Last fall, Nintendo set the gaming world abuzz with a cryptic announcement of their curious upcoming gaming device, the Nintendo Switch. The unique console seemed to follow in its predecessors’ footsteps, emphasizing the gaming experience and communality more than outright graphical power. Some gaming demos and the basics of gameplay were revealed, but much else was kept secret. Nintendo finally pulled the rest of the details out from under wraps, announcing a release date, final price, and the details of a Nintendo Switch subscription online-gaming service.
Posts Tagged ‘gaming’
I wanted to bring all my fellow gamers an article written by @jeffbakalr from the team over at Cnet.com called “Say hello to the brave new world of console gaming” The article wonderfully addresses the current issues facing console gamers and how these issues will impact the future of the overall marketplace.
The major issue discussed is the gaming industry’s increasing efforts to eliminate the sharing of games in the name of “anti-piracy.” We have already seen the unique access code strategy, like EA’s online pass, being used to discourage sharing. These codes are only available to those who purchase the game brand new, or can be purchased through the manufacturer. As the article states, the most infamous anti-used-game strategy by a manufacturer was with the release of Batman: Arkham City, where second-hand users were denied access to an entire campaign in the game. Lately, rumors have taken it as far as reporting that future gaming consoles will have built-in features that detect, and deny, used games.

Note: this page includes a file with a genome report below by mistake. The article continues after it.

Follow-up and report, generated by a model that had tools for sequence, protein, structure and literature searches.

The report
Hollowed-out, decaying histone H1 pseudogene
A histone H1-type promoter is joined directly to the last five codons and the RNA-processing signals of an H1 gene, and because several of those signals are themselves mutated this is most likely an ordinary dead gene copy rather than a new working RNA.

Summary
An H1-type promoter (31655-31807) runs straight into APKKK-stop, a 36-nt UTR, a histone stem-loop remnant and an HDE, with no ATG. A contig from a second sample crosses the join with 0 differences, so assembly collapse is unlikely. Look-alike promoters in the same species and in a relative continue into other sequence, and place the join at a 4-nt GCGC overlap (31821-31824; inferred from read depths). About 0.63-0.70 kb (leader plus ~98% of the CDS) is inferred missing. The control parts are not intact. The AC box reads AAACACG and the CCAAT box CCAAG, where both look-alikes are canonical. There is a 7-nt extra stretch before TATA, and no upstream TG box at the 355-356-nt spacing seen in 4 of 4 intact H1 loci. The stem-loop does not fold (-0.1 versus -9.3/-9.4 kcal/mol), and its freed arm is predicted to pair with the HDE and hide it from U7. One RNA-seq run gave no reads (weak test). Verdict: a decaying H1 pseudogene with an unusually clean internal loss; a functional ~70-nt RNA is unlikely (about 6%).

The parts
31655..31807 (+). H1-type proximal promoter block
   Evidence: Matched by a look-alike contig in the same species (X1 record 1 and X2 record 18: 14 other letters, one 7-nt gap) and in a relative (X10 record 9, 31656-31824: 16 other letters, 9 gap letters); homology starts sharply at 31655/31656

This will have several impacts on our gaming world. First, as you can imagine, companies like GameStop and Gamefly will have real hard time selling/renting used games that lack the content gamers want. As games continue to rise in price, gamers take a level of comfort in the fact that they can sell the used game to help pay for another but this anti-used-game trend will surely thwart that comfort. Now, not only can we not sell our used games back for future gamers to enjoy, we can’t even share games with friends or colleagues. Is this really anti-piracy or just a way to squeeze more money out of an already expensive market? Although these companies foresee an increase in profit with this kind of model, we can surely see the reasons why the opposite may be a more realistic outcome.
The article also poses some excellent predictions for the overall future of gaming. Downloadable content and subscription based services are becoming more popular. A mention of the “end of physical media” and the switch to completely downloaded/streamed content mark excellent points in the future of gaming debate. Anyway, we thought this was an excellent article and worth a read for any gamer; hardcore or casual.
Where do you want gaming to go? We would love to hear what you think.
In May, the Pew Research Center conducted a study about how Americans use their cell phones. Some conclusions were expected, while others were a surprise. It wasn’t a shock to know that six in ten adults go online with either a cell phone or laptop with wireless internet connection. Also, it was not a shock to know that Americans have increased going online through their phone and using internet based applications (internet, email or instant messaging) with compared to last year’s data. What did surprise me was that 38% of this group used their phones to get on to the internet, while 34% played games on their cellular devices. I thought that more people would use their phones to access the internet. It was not a surprise that 76% use their phones to take pictures and 72% use it for text messaging. What do you do on your phone? Do you browse the web, take pictures, play games, text or use it to call people?